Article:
Eagle's Egg
Hamlyn paperback edition




Short story



Historical era



Victor Ambrus

Eagle's Egg is a short story for children first published in 1981 and illustrated by Victor Ambrus. It draws heavily on Tacitus's account of Agricola's Caledonian campaigns, and is the last of Sutcliff's stories set in Roman Britain, the period she was best known for.


The narrator, a Roman who spent his youth in Britain, proposes to tell a story to his grandchildren. He, Quintus, was posted to Eburacum as the standard-bearer of the Ninth Legion. At the well in the street behind the Temple of Sulis he meets a British woman, whose brother Vedrix had come from Lindum to lay the mosaic floor of the Council Chamber, part of a building program sponsored by Agricola. The girl's name proves to be Cordaella, and over the course of the spring she and Quintus continue to meet, but soldiers below the rank of centurion are prohibited from marrying. On the day that Quintus explains the situation to Vedrix, who is skeptical but disclaims any authority over Cordaella, the Ninth Legion is called up to join Agricola at Corstopitum.

The Ninth, Twentieth, Second, Fourteenth, and the Fleet pass the summer building a naval resupply base on the Firth, then a string of forts between the firths the next. As they press into the highlands the following year, they encounter heavy resistance led by Calgacus, and the troops grow restive under the constant threat and constant fort-building. While the Ninth spends its third winter of the campaign at Inchtuthil, a minor mutiny breaks out. Quintus, sent to show the standard before the soldiers, pulls a duck's egg from his tunic and jokes that they've upset the Eagle, which defuses the mood of the crowd and ends the mutiny.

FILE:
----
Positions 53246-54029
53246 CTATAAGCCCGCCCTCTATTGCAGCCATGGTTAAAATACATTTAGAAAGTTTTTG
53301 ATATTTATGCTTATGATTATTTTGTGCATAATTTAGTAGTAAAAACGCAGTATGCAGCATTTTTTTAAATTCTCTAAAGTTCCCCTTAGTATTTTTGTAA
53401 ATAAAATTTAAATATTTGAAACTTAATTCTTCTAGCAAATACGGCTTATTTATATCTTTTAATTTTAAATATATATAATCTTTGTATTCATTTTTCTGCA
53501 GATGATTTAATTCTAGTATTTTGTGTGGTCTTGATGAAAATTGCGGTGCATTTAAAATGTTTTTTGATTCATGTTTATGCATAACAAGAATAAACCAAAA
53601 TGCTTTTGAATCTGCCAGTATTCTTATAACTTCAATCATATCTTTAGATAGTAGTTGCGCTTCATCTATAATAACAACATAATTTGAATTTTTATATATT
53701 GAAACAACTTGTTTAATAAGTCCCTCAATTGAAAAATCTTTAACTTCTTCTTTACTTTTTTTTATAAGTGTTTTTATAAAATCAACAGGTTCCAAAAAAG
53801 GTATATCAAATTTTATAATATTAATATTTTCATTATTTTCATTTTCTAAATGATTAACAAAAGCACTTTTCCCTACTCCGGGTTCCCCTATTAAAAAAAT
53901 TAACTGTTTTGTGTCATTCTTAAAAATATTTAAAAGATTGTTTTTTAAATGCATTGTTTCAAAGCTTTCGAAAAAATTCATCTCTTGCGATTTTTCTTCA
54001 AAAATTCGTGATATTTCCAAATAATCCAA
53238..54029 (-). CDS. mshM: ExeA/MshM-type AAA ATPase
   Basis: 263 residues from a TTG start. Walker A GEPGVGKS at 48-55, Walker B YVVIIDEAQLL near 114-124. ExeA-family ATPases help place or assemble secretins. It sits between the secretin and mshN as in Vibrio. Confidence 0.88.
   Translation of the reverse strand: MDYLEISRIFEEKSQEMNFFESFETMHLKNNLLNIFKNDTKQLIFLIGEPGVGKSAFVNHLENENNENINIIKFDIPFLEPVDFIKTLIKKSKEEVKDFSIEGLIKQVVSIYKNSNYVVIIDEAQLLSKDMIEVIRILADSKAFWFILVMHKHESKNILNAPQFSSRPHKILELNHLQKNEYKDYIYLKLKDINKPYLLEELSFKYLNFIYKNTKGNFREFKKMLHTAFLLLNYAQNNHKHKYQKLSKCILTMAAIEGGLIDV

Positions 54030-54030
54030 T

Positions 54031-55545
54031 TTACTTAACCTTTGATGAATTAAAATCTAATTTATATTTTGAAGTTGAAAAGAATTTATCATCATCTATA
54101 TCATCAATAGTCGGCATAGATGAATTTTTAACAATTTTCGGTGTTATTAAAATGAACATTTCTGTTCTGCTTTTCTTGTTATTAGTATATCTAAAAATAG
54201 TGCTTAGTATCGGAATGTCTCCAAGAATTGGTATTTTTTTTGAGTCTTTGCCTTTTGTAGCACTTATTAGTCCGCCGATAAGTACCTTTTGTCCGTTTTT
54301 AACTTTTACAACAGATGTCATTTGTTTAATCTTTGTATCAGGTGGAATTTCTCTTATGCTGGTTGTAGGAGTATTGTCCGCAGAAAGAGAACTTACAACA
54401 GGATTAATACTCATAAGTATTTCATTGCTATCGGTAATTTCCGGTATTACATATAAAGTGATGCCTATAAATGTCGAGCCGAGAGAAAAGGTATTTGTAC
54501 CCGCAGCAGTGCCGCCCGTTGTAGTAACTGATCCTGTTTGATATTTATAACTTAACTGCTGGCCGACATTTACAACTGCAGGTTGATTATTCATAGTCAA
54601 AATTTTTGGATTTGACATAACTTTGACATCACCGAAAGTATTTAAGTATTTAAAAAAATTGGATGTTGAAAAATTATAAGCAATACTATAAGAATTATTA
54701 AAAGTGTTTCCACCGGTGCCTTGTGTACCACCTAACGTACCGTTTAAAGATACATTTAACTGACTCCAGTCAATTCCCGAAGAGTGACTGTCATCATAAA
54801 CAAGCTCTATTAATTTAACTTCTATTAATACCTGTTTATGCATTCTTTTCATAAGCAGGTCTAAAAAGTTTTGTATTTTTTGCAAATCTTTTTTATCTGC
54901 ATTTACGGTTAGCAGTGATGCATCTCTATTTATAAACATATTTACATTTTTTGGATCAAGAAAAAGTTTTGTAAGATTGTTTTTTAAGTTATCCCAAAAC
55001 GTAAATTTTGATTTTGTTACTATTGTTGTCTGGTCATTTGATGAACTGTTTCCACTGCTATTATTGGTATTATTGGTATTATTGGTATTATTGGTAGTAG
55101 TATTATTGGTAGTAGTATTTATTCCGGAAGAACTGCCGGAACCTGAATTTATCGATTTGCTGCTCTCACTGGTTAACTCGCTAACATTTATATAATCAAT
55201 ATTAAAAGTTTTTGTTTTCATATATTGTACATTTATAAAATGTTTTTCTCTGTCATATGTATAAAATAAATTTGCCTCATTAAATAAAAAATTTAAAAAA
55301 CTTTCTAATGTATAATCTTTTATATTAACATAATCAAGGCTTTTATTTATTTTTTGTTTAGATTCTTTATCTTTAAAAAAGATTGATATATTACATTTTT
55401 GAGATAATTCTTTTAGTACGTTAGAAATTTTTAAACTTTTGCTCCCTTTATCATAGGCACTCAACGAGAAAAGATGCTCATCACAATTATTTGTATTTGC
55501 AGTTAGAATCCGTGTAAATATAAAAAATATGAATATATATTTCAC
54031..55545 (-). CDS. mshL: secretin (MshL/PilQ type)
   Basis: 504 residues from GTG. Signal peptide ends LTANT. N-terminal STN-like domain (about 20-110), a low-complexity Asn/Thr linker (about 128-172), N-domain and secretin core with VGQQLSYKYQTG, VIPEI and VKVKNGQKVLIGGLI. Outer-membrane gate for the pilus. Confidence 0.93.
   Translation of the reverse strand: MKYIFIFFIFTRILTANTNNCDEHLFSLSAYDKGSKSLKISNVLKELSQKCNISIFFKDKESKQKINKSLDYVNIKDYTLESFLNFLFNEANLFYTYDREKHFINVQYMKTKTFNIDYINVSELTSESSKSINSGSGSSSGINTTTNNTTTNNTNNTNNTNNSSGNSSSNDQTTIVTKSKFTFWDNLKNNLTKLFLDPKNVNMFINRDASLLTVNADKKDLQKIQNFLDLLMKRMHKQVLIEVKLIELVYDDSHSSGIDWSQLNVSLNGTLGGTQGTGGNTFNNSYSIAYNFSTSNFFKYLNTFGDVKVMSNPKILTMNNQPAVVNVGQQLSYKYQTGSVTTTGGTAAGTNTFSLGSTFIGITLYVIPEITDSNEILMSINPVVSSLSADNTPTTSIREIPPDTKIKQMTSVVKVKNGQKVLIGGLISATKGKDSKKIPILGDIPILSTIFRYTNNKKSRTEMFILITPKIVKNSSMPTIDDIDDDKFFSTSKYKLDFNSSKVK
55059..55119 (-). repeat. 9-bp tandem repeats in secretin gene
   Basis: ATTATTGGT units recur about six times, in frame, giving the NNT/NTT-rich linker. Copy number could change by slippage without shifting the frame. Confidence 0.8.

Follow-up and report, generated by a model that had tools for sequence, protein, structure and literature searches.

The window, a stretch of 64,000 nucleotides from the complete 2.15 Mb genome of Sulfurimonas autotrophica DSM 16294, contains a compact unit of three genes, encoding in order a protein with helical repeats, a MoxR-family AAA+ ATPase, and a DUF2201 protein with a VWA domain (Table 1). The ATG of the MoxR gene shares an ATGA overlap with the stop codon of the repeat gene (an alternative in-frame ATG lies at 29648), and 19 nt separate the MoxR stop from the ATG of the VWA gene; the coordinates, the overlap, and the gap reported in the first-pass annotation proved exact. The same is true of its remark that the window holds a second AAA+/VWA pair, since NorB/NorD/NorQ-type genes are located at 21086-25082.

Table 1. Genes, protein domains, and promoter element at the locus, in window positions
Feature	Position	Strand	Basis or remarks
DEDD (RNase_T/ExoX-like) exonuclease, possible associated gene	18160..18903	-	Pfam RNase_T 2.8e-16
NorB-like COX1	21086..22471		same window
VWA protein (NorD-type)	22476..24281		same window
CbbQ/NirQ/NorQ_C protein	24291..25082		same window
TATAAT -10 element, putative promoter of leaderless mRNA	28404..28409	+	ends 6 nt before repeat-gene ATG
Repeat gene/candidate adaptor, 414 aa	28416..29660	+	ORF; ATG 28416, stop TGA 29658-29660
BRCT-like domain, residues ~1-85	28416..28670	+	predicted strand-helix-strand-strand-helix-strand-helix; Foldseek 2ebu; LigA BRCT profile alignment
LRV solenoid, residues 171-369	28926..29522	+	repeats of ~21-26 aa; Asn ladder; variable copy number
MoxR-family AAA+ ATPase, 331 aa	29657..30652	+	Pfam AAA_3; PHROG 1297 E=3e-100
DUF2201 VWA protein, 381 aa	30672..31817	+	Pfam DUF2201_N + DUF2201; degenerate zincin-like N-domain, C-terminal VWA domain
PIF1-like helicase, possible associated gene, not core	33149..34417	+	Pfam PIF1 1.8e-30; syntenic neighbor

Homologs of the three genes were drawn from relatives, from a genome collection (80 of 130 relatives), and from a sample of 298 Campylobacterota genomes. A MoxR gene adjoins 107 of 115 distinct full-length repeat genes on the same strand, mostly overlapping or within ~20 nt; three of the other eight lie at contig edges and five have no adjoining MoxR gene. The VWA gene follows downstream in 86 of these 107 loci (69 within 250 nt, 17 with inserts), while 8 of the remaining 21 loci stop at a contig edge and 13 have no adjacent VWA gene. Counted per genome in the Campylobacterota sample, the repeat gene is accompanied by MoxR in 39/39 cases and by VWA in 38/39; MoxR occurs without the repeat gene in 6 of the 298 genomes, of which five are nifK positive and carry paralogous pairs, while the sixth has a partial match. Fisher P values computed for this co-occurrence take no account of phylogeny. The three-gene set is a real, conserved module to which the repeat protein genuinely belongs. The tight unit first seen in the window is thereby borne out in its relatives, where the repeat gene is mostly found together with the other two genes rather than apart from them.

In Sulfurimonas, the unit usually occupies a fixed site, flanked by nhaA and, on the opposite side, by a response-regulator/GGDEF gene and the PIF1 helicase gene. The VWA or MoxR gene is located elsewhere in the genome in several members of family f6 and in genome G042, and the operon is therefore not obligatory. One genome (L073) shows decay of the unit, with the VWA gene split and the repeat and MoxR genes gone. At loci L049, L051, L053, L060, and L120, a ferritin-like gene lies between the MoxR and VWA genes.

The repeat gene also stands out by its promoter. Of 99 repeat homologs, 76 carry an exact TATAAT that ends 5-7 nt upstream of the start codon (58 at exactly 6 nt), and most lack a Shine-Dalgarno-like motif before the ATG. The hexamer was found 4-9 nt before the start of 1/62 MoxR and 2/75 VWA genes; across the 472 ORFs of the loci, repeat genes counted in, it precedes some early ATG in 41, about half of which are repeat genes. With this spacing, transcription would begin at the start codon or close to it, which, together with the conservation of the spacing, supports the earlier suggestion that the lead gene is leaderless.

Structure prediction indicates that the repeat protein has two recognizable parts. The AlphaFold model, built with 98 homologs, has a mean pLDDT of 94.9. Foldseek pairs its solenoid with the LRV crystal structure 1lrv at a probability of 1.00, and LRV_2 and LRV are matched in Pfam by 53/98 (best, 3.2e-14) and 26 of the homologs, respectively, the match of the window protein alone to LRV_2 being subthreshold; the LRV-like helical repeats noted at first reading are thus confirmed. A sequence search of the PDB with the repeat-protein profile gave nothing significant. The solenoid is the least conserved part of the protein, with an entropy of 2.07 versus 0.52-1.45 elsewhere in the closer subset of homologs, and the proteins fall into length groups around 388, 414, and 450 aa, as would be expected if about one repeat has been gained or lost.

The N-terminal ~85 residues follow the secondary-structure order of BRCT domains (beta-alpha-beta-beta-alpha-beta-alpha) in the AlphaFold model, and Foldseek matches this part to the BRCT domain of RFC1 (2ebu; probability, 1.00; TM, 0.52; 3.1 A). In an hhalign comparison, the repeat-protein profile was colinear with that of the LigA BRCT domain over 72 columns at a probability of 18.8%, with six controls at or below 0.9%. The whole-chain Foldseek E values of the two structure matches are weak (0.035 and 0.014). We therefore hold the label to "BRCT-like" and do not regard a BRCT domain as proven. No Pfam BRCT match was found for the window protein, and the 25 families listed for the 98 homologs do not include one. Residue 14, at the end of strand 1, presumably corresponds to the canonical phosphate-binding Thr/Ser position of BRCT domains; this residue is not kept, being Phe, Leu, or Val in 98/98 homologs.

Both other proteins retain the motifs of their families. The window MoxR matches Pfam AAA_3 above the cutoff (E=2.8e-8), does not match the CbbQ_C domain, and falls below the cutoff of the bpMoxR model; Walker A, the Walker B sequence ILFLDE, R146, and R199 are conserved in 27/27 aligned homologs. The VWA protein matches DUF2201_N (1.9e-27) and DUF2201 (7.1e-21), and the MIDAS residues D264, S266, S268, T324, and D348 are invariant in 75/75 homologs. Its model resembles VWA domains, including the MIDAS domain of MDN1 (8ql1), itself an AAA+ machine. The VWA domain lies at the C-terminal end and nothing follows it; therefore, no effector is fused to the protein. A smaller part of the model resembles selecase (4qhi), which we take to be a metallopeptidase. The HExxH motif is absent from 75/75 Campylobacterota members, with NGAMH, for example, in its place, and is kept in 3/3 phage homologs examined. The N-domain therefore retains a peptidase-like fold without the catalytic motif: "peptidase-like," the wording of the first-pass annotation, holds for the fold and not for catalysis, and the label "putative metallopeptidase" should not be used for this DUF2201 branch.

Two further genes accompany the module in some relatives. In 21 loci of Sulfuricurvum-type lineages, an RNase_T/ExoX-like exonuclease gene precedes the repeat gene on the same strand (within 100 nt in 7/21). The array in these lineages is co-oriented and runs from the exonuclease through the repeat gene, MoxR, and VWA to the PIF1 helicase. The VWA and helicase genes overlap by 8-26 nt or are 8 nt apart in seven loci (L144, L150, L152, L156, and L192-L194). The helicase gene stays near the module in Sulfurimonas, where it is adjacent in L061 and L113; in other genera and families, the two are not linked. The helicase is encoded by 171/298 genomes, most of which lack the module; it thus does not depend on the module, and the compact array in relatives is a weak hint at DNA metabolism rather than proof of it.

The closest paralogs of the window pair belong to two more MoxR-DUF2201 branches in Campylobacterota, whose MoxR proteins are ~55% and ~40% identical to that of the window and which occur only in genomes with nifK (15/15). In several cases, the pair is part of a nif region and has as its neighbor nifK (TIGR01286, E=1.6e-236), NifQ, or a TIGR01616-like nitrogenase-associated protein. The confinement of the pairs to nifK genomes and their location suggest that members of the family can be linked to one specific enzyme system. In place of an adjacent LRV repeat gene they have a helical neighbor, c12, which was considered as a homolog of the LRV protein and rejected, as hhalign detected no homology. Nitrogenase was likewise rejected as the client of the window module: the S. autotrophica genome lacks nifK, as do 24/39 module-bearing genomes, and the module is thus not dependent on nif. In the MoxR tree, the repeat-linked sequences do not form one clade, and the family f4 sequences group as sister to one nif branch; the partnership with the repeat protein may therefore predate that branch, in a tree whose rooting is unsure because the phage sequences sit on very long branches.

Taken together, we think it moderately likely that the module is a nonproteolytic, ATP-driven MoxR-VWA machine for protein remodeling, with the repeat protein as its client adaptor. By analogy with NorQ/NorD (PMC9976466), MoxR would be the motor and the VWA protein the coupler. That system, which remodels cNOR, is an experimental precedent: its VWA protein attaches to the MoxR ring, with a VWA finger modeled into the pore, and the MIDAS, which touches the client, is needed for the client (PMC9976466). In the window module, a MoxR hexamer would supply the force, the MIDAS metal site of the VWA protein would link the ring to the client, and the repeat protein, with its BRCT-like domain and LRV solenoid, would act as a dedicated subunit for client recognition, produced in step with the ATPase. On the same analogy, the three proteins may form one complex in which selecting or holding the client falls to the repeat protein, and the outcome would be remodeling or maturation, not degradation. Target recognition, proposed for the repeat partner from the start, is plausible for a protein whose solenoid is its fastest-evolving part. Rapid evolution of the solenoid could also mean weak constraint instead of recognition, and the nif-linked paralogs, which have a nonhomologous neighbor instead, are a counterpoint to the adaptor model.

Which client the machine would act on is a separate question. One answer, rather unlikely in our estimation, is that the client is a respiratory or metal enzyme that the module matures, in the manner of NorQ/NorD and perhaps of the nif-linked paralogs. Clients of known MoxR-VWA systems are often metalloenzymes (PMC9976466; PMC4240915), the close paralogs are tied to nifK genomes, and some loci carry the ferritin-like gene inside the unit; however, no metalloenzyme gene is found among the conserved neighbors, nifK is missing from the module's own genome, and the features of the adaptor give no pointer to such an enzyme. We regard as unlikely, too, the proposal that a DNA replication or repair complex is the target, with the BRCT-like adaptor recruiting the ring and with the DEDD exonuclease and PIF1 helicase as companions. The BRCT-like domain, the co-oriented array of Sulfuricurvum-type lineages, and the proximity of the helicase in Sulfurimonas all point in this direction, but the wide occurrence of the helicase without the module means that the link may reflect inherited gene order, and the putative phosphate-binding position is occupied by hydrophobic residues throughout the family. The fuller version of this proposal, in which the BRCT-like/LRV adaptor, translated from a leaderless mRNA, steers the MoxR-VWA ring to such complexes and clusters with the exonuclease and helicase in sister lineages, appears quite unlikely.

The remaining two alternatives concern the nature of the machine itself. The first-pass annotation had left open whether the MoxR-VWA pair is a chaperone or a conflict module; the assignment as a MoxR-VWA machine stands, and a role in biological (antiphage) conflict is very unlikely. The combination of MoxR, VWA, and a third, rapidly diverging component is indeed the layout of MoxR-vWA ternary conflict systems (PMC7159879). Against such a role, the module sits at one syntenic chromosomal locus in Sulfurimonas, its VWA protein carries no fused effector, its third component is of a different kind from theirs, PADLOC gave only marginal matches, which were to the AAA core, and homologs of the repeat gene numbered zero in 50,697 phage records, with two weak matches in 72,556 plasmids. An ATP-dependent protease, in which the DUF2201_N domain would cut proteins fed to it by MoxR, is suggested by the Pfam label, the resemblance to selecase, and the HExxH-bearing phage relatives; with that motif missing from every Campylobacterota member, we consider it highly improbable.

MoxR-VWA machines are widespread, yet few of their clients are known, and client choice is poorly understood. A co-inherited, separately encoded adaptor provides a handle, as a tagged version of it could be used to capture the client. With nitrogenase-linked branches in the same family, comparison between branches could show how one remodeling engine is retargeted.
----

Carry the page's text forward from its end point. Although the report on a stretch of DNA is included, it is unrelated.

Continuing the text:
The following year's campaigning pushes to the Grampians, where they meet the Caledonians in pitched battle for the first time. Calgacus and thousands of Caledonians are killed, as is a centurion of the Ninth Legion. Quintus is promoted to centurion of the Sixth Century, Ninth Cohort, partly on the strength of his management of the nascent mutiny. In the autumn the Ninth returns to Eburacum, where Quintus finds Vedrix still working and Cordaella still waiting. The next year, Agricola is recalled to Rome and the northern forts abandoned.


The story takes as historical backdrop Agricola's Caledonian campaigns of 79-83 CE. Quintus meets Cordaella in late winter of 80, the winter following Agricola's first summer of campaigning in Caledonia and building program of the following autumn and winter. Their courtship takes place over the spring of 80, and the Ninth Legion leaves Eburacum in late spring of 80 (ch. 3). The summer of 80 is spent building a naval base on the Firth, then a string of forts in 81, preceding a push into the highlands in 82. The winter of the mutiny in Inchtuthil is that of 82-83, and the battle of Mons Graupius takes place the following year in 83.